- The Washington Times - Saturday, April 8, 2006

BAGHDAD — A car bomb killed six persons yesterday near a Shi’ite shrine south of Baghdad, even as the death toll from the deadliest attack of the year rose to 85. And U.S. Marines beat back the largest attack in weeks by Sunni Arab insurgents in the western city of Ramadi.

The car bomb exploded at a small shrine in the Euphrates River town of Musayyib, 40 miles south of Baghdad. Police said most of the six dead and 14 wounded were Shi’ite pilgrims visiting the shrine.

Fears of more attacks are running high in Shi’ite areas after the car bombing Thursday that killed 10 in the Shi’ite city of Najaf and the suicide attack the following day against a Shi’ite mosque in Baghdad — the deadliest attack in Iraq this year.

The attacks on houses of worship have stoked tensions between Shi’ite and Sunni Muslims, especially after the bombing Feb. 22 of a Shi’ite shrine in Samarra, an act that triggered reprisal attacks against Sunni mosques and clerics.

The death toll from the bombing Friday of the Buratha mosque in north Baghdad rose to 85 because some of the wounded died, said Dr. Riyadh Abdul Ameer of the Health Ministry. Officials said the death toll could rise more because of severe injuries among the 156 persons wounded in the attack by suicide bombers, including one dressed as a woman.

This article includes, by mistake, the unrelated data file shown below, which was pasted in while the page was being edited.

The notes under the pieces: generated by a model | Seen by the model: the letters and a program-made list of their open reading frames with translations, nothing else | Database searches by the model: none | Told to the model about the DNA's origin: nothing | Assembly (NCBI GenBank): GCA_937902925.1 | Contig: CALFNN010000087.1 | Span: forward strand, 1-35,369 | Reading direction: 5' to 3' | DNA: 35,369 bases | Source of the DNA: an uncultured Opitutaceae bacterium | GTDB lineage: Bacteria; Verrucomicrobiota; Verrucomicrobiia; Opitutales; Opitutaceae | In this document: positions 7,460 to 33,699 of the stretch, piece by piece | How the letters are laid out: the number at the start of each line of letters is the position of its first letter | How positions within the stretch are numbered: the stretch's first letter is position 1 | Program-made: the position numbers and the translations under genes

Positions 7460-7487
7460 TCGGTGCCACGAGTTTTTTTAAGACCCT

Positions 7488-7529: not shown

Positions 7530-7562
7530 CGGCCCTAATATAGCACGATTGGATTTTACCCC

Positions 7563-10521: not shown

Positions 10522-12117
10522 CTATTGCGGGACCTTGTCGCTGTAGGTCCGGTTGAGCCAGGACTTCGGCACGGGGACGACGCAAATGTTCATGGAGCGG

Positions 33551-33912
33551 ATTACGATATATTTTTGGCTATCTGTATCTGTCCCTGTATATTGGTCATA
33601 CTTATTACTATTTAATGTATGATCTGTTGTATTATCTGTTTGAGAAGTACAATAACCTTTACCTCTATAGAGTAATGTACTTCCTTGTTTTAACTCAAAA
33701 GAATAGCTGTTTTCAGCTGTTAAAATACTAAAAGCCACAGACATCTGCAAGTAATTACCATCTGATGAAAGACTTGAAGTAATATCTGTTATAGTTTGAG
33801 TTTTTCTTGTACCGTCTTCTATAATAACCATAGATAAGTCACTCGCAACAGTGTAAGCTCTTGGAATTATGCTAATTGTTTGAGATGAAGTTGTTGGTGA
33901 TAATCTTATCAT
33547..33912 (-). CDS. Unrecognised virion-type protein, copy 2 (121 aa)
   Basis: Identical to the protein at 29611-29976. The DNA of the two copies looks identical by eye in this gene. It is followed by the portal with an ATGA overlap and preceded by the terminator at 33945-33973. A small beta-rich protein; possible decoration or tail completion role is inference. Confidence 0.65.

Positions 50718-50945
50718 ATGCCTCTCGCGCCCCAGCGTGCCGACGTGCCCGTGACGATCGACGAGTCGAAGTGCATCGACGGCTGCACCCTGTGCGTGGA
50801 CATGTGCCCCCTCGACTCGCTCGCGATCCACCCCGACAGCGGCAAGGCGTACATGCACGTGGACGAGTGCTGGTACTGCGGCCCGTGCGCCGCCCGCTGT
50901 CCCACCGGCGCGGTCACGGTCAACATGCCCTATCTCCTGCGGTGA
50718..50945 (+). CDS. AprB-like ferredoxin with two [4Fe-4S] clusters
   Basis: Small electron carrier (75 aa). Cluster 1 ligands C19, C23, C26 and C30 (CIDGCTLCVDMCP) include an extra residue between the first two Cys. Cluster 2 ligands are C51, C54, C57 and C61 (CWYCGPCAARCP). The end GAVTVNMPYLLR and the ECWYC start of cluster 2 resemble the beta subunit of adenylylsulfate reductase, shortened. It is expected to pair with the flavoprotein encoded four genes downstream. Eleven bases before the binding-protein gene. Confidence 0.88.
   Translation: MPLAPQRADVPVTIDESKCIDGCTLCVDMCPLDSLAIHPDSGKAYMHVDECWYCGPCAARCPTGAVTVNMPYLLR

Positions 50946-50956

Also yesterday, Sunni insurgents made their strongest attack in six weeks against the Anbar provincial government headquarters in Ramadi, 75 miles west of Baghdad. There were no U.S. casualties, Marines said.

U.S. Marines guarding the government headquarters fought back with anti-tank rockets, machine guns and small-arms fire. A U.S. Air Force F-18 fighter bombed insurgent positions, unleashing thunderous explosions that shook the city.

Sporadic shooting occurred around the government building after sunset, and an Iraqi soldier was killed yesterday in a separate fight in Ramadi, U.S. officials said. Three Iraqi soldiers were wounded in a clash with insurgents in Fallujah, about 30 miles east of Ramadi, police said, and the U.S. military reported that a U.S. Marine died from wounds suffered in hostile action in Anbar province on Friday.

In other developments yesterday, police found four headless bodies, showing signs of torture, that were dumped on a farm about 20 miles north of Baghdad, and a mortar round hit a house near the Education Ministry in central Baghdad, killing two men, police said.

Efforts to form a strong, broad-based government including Sunnis, Shi’ites and Kurds have stalled over Sunni and Kurdish opposition to Prime Minister Ibrahim al-Jaafari, the Shi’ite candidate to lead the next administration. Opponents accuse him of failing to stem sectarian violence.

However, Mr. al-Jaafari has refused to step aside, and his Shi’ite coalition has been reluctant to reconsider his nomination for fear of splintering their ranks. Shi’ite officials were to meet, possibly as soon as today, to discuss the stalemate at the urging of the country’s top Shi’ite leader, Grand Ayatollah Ali al-Husseini al-Sistani.

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